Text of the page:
Having a gender identity consists of much more than merely believing something about yourself. A belief about yourself becomes an identity once it has gained a certain amount of centrality, persistence, and pervasiveness. An identity is something that comes to mind frequently and colors a fair amount of what you do. As an example of an identity, take being a hippie. As a teenager I dressed like a hippie, congregated with hippies, listened to hippie music, and decorated my bedroom in a hippie fashion. I would have wanted my hippiedom to be recognized by others; without others seeing that about me, I would have felt misunderstood. Then again, being a hippie wasn’t literally a matter of numerical identity—I wasn’t a different person back when I was a hippie, and I didn’t become a second person when I stopped being a hippie. Identities do less than mark the boundaries between numerically different persons, but do more than reflect mere beliefs about our attributes, like (in my case) being hazel-eyed, or liking Beethoven, or living in Texas.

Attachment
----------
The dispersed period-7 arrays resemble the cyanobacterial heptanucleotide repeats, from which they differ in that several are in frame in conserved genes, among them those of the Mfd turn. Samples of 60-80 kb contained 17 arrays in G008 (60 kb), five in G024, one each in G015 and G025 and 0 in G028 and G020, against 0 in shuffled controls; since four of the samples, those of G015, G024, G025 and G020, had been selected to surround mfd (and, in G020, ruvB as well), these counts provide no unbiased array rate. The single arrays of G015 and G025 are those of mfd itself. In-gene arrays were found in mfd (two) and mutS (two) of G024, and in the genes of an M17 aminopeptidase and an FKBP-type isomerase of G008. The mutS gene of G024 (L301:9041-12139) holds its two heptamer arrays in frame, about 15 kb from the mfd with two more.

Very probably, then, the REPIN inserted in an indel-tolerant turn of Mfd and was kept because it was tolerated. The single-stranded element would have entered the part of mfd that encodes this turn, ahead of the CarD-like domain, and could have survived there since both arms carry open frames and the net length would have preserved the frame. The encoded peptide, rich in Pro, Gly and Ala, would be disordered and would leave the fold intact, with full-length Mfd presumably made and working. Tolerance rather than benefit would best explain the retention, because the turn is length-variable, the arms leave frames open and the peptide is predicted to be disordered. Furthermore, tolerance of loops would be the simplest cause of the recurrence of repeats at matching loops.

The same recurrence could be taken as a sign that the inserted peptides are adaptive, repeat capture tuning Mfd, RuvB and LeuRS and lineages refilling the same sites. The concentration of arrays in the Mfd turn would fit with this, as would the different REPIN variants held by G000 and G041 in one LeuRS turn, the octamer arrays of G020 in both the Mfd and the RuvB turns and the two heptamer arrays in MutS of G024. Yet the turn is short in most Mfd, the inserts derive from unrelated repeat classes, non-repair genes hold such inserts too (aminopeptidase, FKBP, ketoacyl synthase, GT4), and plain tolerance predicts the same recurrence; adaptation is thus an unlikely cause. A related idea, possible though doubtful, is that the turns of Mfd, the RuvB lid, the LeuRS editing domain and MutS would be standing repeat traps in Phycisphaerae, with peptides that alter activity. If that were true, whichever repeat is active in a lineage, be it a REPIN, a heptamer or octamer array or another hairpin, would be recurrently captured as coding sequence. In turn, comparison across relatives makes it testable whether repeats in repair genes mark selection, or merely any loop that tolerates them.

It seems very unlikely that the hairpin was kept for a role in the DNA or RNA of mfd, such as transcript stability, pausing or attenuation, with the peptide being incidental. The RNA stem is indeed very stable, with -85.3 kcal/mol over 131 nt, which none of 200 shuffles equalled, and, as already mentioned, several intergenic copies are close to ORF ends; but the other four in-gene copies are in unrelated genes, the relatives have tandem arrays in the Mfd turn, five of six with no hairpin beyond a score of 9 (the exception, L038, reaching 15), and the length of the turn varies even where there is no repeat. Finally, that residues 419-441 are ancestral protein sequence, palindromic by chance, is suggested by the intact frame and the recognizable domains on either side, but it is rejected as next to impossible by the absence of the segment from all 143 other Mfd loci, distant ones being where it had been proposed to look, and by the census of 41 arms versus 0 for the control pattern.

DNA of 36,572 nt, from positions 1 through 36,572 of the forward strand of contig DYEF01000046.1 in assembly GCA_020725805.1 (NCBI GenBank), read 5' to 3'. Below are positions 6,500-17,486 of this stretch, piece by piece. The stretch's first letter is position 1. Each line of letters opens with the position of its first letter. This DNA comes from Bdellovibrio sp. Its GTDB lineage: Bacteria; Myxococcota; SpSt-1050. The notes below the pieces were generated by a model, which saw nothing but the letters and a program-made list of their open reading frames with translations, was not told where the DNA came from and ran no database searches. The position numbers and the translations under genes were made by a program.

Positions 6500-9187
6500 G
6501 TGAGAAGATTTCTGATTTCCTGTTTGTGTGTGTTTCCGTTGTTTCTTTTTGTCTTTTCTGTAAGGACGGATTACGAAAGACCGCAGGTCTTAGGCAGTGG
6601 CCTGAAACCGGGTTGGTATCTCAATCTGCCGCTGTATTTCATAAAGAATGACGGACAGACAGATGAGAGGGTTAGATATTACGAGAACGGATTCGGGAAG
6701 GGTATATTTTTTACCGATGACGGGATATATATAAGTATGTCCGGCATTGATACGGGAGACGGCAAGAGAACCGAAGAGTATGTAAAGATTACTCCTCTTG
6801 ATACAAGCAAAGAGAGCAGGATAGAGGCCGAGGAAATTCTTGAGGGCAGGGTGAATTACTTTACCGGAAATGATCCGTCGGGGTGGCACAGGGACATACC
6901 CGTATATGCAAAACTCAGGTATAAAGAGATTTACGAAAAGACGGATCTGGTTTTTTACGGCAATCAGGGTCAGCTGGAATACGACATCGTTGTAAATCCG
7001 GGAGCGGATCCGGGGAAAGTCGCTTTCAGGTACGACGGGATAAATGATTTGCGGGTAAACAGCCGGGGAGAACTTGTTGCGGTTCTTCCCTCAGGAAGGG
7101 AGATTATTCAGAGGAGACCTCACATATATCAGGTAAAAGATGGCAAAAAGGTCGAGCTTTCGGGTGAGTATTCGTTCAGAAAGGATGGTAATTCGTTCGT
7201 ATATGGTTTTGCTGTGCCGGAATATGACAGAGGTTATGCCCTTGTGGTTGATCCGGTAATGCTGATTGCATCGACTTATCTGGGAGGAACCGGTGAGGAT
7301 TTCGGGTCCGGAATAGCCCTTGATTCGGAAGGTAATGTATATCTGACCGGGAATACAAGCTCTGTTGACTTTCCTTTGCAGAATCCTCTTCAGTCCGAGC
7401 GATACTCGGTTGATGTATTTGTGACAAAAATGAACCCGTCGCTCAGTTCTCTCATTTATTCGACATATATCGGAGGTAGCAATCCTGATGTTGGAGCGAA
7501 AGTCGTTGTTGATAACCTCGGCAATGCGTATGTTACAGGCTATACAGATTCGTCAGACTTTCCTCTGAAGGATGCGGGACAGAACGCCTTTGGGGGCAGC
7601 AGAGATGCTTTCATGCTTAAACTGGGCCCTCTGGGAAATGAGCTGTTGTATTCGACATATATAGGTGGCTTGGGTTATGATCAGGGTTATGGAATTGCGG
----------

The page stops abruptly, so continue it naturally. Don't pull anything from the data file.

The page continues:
Having a sex, in every human society, and for most people, goes a long way toward creating an identity. We do a lot of what we do as boys or girls and then as men or women. Our gender plays some role in our lives, every day, as much as the role is hard to define. It may not be a matter of enormous conscious effort or attention, but our sex and our gender are very often a part of our experience. Does it have to be that way? Philosopher Georgia Warnke argues that it doesn’t, in a passage from her book After Identity, which is worth quoting at length: